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Title: Sub-Equimolar Hydrolysis and Condensation of Organophosphates

Abstract

We characterized the in-situ hydrolysis and subsequent condensation reaction of the chemical agent simulant diethyl chlorophosphate (DECP) by high-resolution 31P NMR spectroscopy following the addition of water in sub-equimolar concentrations. Moreover, the identification and quantification of the multiple pyrophosphate and larger polyphosphate chemical species formed through a series of self-condensation reactions are reported. Finally, the DECP hydrolysis kinetics and distribution of breakdown species was strongly influenced by the water concentration and reaction temperature.

Authors:
 [1];  [1];  [1];  [1]
  1. Sandia National Lab. (SNL-NM), Albuquerque, NM (United States)
Publication Date:
Research Org.:
Sandia National Lab. (SNL-NM), Albuquerque, NM (United States)
Sponsoring Org.:
USDOE National Nuclear Security Administration (NNSA)
OSTI Identifier:
1303156
Report Number(s):
SAND2016-4563J
Journal ID: ISSN 2365-6549; 640200
Grant/Contract Number:
AC04-94AL85000
Resource Type:
Journal Article: Accepted Manuscript
Journal Name:
Chemistry Select
Additional Journal Information:
Journal Volume: 1; Journal Issue: 11; Journal ID: ISSN 2365-6549
Publisher:
Wiley
Country of Publication:
United States
Language:
English
Subject:
37 INORGANIC, ORGANIC, PHYSICAL, AND ANALYTICAL CHEMISTRY

Citation Formats

Alam, Todd M., Kinnan, Mark K., Wilson, Brendan W., and Wheeler, David R. Sub-Equimolar Hydrolysis and Condensation of Organophosphates. United States: N. p., 2016. Web. doi:10.1002/slct.201600498.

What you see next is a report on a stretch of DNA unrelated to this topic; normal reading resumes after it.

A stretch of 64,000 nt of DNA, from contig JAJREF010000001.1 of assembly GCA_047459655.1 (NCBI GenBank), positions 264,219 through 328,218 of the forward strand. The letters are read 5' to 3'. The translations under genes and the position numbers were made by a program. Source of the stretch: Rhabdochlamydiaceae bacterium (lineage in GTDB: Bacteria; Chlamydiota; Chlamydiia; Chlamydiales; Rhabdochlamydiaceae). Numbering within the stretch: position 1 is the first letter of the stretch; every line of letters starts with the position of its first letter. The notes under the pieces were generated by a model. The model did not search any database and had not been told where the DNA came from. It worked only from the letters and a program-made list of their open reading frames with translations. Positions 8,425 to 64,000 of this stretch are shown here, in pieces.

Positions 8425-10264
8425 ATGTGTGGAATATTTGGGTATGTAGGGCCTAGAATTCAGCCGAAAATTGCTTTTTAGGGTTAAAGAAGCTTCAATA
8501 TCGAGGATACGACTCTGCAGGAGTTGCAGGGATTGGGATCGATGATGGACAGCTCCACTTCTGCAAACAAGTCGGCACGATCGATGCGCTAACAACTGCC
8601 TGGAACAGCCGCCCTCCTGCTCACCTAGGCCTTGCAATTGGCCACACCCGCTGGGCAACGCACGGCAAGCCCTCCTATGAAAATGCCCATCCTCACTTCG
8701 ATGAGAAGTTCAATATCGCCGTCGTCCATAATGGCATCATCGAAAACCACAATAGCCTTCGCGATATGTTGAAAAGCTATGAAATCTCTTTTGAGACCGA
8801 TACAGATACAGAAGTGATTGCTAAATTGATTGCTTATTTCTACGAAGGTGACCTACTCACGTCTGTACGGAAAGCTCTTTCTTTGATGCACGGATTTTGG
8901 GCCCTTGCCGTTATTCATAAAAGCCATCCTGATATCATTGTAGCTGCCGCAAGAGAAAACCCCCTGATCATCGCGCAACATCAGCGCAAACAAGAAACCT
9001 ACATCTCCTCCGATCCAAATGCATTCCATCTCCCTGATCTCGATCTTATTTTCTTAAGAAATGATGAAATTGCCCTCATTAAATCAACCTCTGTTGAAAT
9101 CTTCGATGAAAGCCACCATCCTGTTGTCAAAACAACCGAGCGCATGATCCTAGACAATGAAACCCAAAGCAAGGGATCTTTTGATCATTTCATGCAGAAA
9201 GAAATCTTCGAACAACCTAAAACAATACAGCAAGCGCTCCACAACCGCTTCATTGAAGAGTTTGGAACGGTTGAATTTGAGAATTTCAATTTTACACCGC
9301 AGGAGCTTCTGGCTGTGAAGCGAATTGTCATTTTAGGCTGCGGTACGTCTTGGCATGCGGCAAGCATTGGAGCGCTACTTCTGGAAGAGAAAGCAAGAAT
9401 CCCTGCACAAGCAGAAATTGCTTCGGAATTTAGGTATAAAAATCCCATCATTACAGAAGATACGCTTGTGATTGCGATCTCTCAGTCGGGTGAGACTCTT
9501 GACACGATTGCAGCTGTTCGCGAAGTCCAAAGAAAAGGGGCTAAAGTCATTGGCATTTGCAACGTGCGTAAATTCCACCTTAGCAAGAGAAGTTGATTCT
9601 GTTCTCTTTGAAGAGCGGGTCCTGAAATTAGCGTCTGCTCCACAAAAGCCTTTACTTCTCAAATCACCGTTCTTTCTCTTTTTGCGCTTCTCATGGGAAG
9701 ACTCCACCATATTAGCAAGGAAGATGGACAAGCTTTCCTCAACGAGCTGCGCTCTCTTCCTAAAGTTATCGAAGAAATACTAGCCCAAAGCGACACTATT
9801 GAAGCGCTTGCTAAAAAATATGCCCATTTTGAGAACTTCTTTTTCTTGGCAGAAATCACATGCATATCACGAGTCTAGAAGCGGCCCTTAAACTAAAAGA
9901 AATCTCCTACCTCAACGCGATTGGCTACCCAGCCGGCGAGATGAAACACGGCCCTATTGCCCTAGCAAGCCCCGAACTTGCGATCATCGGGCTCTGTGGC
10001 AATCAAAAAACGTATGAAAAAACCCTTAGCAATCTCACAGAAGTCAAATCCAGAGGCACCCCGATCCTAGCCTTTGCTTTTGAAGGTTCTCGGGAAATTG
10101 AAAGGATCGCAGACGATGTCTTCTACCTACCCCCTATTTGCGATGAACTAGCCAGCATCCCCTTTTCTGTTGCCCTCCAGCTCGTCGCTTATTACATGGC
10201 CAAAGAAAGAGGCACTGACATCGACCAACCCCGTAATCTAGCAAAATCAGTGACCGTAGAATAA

Alam, Todd M., Kinnan, Mark K., Wilson, Brendan W., & Wheeler, David R. Sub-Equimolar Hydrolysis and Condensation of Organophosphates. United States. doi:10.1002/slct.201600498.
Alam, Todd M., Kinnan, Mark K., Wilson, Brendan W., and Wheeler, David R. 2016. "Sub-Equimolar Hydrolysis and Condensation of Organophosphates". United States. doi:10.1002/slct.201600498. https://www.osti.gov/servlets/purl/1303156.
@article{osti_1303156,
title = {Sub-Equimolar Hydrolysis and Condensation of Organophosphates},
author = {Alam, Todd M. and Kinnan, Mark K. and Wilson, Brendan W. and Wheeler, David R.},
abstractNote = {We characterized the in-situ hydrolysis and subsequent condensation reaction of the chemical agent simulant diethyl chlorophosphate (DECP) by high-resolution 31P NMR spectroscopy following the addition of water in sub-equimolar concentrations. Moreover, the identification and quantification of the multiple pyrophosphate and larger polyphosphate chemical species formed through a series of self-condensation reactions are reported. Finally, the DECP hydrolysis kinetics and distribution of breakdown species was strongly influenced by the water concentration and reaction temperature.},
doi = {10.1002/slct.201600498},
journal = {Chemistry Select},
number = 11,
volume = 1,
place = {United States},
year = 2016,
month = 7
}

Journal Article: